July 12, 2016 08:11
The end of Korea's outdated adultery laws has been an unexpected boon to private detective agencies, who are inundated with requests to investigate people's spouses.
The law was scrapped in February last year, meaning unfaithful husbands or wives no longer have to fear the long arm of the law.
Police estimate that the number of private detective agencies more than doubled from 1,500 before the scrapping of the law.
Suspicious spouses are mostly concerned to accrue evidence that could be of use in their divorce proceedings.
As competition heats up between agencies, more unscrupulous methods of obtaining information are being deployed, including smartphone apps allowing suspicious spouses to eavesdrop on the phone conversations of their husbands or wives.
Installing the app enables phone conversations, text messages and even photos and video files to be checked in real time on another smartphone. The app does not appear on the menu and requires an anti-virus scan to locate.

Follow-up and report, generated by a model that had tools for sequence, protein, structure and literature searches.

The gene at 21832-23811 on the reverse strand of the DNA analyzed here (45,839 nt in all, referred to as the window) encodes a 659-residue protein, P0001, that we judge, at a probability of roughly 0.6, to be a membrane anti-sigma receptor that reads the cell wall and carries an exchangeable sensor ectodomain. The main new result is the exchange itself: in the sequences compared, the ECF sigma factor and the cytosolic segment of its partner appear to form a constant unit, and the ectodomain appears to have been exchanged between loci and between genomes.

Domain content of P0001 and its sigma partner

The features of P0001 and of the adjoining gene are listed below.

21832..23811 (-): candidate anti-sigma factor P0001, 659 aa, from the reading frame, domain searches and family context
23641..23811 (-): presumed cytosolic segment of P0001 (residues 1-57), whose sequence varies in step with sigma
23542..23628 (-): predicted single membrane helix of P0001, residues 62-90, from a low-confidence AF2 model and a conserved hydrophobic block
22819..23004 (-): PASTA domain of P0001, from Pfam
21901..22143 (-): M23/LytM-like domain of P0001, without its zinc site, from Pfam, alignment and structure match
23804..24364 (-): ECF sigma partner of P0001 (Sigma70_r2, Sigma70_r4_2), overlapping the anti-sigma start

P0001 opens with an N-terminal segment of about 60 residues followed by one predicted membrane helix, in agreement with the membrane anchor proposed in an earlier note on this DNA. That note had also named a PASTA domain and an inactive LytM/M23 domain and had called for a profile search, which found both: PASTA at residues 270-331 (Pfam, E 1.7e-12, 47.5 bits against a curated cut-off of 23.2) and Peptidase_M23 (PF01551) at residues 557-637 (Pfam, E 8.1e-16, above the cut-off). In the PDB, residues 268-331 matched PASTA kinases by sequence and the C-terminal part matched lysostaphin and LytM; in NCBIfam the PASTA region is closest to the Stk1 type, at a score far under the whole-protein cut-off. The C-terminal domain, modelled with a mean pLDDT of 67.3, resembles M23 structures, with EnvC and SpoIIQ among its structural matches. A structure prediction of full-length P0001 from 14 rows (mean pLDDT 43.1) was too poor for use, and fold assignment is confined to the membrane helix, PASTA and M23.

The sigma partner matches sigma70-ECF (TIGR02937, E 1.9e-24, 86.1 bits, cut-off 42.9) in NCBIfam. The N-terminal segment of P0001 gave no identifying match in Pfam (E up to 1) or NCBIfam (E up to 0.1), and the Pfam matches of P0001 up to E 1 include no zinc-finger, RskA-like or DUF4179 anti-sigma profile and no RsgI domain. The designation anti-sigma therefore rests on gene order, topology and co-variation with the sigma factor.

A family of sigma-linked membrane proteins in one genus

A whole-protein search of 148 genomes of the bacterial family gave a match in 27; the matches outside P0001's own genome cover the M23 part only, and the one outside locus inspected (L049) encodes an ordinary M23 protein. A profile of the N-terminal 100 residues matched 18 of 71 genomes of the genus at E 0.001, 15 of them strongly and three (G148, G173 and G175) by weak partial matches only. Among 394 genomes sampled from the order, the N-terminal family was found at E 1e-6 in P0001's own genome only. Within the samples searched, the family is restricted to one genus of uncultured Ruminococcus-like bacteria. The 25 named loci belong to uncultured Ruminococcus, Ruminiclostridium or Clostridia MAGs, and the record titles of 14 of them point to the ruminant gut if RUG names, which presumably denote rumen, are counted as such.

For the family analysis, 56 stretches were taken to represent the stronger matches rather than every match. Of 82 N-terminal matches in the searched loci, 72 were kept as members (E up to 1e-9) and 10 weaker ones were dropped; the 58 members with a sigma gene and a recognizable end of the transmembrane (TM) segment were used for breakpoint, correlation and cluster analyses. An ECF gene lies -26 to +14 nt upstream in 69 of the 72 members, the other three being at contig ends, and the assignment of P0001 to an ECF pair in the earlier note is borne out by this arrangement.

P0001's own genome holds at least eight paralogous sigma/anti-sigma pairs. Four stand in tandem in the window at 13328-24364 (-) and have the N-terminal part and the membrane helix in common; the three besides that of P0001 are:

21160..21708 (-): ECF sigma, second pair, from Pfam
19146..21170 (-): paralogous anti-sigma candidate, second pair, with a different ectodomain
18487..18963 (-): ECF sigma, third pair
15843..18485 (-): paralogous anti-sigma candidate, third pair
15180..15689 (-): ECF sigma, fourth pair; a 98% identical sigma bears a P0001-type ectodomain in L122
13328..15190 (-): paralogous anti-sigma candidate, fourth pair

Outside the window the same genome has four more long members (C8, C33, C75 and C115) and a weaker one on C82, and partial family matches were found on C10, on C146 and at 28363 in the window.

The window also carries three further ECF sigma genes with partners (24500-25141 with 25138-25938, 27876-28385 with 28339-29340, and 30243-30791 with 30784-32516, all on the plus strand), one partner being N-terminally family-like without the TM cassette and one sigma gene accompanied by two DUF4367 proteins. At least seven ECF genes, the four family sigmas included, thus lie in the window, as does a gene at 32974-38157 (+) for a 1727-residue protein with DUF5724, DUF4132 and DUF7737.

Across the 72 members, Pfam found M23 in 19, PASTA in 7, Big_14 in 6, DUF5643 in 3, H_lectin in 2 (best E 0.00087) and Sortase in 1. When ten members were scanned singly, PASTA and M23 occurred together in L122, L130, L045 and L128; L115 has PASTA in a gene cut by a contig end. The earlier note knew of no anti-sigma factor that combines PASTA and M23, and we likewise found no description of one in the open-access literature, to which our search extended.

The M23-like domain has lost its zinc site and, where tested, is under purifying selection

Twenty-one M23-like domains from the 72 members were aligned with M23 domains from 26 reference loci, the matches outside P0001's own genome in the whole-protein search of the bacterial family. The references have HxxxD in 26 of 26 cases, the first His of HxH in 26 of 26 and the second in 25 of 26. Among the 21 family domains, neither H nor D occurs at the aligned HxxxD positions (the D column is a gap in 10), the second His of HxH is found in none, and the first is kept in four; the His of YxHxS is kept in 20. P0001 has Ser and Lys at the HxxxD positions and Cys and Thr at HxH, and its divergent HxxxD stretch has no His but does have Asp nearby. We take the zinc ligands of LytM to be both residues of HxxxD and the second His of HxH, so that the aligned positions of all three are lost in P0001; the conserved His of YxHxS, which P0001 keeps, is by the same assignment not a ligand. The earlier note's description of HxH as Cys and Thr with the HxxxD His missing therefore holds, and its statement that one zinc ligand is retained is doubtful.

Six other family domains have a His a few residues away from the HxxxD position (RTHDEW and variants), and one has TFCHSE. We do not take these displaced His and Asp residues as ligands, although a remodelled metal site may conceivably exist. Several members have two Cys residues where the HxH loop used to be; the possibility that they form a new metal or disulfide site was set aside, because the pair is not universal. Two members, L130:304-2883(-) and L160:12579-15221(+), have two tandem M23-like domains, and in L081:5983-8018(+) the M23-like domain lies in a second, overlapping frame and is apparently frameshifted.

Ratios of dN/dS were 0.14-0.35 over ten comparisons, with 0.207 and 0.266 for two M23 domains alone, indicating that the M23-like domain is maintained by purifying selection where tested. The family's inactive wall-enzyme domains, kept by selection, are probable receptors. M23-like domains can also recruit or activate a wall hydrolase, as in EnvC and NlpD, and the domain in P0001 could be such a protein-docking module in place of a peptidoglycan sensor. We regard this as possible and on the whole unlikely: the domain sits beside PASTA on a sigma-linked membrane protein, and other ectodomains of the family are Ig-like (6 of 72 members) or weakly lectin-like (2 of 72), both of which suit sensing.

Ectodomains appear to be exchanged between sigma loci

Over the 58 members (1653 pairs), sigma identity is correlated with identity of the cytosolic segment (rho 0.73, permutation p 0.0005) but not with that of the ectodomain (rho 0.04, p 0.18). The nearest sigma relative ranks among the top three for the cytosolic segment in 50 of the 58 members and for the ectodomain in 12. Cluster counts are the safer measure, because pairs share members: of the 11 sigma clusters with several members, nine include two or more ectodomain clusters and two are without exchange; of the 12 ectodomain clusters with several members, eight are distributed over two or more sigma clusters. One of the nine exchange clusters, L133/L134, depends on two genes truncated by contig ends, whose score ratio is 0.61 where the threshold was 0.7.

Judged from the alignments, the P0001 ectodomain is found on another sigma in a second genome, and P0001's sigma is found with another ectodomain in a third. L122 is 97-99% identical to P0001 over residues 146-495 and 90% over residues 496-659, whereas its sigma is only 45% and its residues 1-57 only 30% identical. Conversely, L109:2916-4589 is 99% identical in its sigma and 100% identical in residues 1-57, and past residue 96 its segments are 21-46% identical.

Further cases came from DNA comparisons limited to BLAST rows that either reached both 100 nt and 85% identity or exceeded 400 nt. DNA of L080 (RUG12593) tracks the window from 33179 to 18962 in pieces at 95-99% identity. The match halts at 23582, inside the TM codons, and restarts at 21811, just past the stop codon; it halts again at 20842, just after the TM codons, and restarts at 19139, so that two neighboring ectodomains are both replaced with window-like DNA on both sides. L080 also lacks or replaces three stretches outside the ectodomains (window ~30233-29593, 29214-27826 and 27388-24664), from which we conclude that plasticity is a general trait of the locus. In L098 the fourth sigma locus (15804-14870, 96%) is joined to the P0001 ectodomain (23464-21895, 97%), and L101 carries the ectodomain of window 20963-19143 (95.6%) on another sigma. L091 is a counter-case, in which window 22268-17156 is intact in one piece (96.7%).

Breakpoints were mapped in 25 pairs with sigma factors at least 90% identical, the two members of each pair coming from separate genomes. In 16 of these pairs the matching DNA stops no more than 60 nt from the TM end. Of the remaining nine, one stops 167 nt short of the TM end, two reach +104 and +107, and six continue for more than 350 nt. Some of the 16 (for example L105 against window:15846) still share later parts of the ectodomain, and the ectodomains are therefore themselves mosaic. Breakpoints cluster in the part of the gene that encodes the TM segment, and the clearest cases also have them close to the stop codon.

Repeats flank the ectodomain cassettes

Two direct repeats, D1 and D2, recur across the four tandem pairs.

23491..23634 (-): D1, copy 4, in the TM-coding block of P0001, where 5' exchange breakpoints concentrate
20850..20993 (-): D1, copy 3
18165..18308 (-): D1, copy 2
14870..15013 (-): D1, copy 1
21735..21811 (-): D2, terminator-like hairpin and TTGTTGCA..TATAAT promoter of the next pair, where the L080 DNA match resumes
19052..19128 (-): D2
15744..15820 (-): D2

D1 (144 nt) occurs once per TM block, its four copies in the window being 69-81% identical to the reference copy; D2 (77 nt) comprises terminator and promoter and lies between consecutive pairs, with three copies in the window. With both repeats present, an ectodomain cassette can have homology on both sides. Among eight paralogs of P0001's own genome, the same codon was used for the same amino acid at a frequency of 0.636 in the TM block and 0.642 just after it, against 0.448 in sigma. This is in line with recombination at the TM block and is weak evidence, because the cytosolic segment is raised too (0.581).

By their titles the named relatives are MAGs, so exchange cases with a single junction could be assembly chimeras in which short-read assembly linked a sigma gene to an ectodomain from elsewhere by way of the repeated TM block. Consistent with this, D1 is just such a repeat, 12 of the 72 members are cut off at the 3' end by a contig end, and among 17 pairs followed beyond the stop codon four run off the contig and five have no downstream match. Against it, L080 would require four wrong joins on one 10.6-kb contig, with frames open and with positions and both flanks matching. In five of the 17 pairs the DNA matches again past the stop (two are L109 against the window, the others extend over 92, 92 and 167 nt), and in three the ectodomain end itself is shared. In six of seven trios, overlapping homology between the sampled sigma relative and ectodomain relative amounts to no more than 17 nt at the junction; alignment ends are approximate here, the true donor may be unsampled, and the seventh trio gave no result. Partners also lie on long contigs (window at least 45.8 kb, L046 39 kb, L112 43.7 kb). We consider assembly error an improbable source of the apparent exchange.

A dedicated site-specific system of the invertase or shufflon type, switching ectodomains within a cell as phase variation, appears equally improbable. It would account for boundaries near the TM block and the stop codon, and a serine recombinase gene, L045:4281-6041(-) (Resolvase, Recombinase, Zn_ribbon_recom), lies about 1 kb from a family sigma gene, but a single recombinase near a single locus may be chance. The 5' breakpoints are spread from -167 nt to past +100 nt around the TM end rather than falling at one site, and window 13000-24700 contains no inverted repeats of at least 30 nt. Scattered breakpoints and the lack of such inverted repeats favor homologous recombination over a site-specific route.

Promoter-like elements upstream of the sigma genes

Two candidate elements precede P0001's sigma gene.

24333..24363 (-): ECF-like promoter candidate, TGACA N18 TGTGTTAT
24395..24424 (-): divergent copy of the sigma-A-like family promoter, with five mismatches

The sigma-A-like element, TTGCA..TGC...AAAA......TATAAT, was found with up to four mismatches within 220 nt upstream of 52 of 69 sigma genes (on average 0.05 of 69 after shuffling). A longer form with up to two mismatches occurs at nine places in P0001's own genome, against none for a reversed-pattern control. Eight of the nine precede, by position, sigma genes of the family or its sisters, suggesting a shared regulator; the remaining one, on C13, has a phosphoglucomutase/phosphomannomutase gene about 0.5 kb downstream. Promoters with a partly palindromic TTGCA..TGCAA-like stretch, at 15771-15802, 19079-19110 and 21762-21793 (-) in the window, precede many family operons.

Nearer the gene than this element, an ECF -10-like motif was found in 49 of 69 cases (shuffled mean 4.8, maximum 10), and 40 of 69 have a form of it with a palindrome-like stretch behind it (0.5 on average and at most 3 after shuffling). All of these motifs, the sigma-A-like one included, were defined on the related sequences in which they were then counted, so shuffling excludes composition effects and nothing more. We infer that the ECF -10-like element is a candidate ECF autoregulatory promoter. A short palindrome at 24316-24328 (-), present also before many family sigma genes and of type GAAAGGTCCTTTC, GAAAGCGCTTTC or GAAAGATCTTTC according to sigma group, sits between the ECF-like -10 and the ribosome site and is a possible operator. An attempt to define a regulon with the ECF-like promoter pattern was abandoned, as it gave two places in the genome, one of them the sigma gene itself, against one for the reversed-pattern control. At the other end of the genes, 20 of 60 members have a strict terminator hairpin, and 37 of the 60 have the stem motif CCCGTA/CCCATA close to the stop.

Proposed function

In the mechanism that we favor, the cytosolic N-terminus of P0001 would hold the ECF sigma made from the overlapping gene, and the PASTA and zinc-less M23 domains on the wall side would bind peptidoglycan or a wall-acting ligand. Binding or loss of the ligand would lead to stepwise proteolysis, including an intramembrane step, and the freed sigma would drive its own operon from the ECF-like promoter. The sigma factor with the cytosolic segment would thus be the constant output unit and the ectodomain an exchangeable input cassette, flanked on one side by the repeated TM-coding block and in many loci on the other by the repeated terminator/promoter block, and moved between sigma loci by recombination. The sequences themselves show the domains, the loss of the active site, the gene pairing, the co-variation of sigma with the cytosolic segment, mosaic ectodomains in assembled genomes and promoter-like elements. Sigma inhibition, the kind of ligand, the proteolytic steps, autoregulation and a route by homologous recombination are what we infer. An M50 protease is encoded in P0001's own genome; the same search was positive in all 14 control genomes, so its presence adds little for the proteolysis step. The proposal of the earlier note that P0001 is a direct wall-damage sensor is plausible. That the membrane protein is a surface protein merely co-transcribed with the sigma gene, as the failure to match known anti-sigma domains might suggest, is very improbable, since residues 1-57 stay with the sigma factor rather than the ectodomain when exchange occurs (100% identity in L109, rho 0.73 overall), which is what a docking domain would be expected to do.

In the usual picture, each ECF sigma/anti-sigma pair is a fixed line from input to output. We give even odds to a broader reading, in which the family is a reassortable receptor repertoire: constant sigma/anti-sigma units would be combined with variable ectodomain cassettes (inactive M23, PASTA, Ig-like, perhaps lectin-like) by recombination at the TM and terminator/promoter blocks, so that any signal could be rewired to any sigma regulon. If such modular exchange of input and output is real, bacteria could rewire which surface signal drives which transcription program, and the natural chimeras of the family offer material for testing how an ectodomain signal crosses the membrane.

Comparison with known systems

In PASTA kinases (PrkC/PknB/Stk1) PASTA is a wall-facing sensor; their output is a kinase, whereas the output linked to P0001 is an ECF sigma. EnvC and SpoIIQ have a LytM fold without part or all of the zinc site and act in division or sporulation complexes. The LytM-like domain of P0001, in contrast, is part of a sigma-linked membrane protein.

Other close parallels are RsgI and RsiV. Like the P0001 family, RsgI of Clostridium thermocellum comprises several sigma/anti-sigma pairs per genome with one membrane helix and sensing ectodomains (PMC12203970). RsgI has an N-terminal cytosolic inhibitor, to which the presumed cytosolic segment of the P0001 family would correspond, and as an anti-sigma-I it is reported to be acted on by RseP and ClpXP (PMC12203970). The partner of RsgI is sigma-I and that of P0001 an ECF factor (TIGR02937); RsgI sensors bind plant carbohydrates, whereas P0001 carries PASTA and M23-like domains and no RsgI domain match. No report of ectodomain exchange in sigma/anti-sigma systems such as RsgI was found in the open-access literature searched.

Another method is to plant a detective in the call center of a TV home shopping channel or online shopping mall or even a mobile service provider to obtain personal information.
Police said unscrupulous gumshoes often send phishing text messages to hack the smartphones of targets or swap black boxes in their cars to track their whereabouts. Some agencies advertise that they employ seasoned former police officers, but police claim that is untrue.
Experts say evidence obtained illegally is usually inadmissible in court or carries little weight as evidence. Attorney Han Seung-mi said, "Lawyers specializing in divorce often focus on division of wealth rather than obtaining sizable alimony. Even if a person spends W5 million on evidence of infidelity they're unlikely to obtain alimony that surpasses that amount (US$1=W1,149)."
Another lawyer said, "Infidelity can be proved quite effectively simply with circumstantial evidence so courts do not ask one spouse to bring a smoking gun."
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